Readiness for Hospital Discharge, Stress, and Coping in Mothers of Children Undergoing Cardiac Surgeries: A Single-Center Prospective Study


Poh PF, Lee JH, Loh YJ, Tan TH, Cheng KKF.Pediatr Crit Care Med. 2020 May;21(5):e301-e310. doi: 10.1097/PCC.0000000000002276.PMID: 32168300



Objectives: To examine the relationship between stress, coping, and discharge readiness in mothers of children undergoing congenital heart surgeries.

Design: Quantitative descriptive study at three time points: pre surgery (time point I), day of hospital discharge (time point II) and 2 weeks following discharge (time point III).

Setting: Tertiary care pediatric hospital in Singapore.

Participants: One hundred mothers whose children had undergone congenital heart surgeries.

Measurements and main results: Data collection included self-reported questionnaires of the Pediatric Inventory for Parents and the Coping Health Inventory for Parents across three time points. Readiness for Hospital Discharge Scale was administered at hospital discharge (time point II). The utilization of health services and support was reported at post discharge (time point III). One-hundred mothers participated in this study between May 2016 and July 2017. Their mean age was 35.8 years (SD = 7.0), and the mean age of their children was 3.7 years (SD = 4.6). There was significant reduction in mean stress difficulty (Pediatric Inventory for Parents) of mothers (F = 4.58; p = 0.013) from time point I to III. No significant changes were found in the overall mean coping score (Coping Health Inventory for Parents) of mothers across time. The mean overall score for the readiness for discharge (Readiness for Hospital Discharge Scale) of mothers at hospital discharge was 207.34 (SD = 29.22). Coping through family integration subscale and communication stress predicted discharge readiness of mothers (adjusted R = 0.11; p = 0.034). Mothers who reported higher overall stress (Pediatric Inventory for Parents) 2 weeks post discharge were more likely to call a friend or family member, visit the emergency department, or have their child readmitted to hospital following hospital discharge.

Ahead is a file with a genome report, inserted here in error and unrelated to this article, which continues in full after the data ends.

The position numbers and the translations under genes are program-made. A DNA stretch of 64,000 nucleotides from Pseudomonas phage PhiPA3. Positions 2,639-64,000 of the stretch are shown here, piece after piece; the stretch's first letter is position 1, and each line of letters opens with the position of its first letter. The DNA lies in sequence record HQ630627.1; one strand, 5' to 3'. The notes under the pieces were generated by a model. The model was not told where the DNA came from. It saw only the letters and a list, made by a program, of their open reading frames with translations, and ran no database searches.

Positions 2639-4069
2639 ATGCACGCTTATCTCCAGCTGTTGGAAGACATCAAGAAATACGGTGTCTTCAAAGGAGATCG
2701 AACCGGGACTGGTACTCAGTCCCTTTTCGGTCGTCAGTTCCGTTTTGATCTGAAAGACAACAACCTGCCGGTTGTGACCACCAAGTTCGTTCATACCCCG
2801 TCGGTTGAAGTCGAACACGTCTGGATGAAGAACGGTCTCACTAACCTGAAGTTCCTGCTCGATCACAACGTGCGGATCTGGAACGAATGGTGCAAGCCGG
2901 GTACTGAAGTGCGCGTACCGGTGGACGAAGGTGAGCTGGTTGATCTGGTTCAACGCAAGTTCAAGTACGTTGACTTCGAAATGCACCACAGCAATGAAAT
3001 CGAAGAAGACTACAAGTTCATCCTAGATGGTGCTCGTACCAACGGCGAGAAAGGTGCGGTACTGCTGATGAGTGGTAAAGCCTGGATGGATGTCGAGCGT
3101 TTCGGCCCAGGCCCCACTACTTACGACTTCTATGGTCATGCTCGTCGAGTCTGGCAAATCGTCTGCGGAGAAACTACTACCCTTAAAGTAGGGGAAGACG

Conclusions: We identified coping by family integration and communication-related stress as predictors of readiness for discharge. Strategies targeted at communication and family integration for discharge preparation may improve caregivers’ readiness for hospital discharge.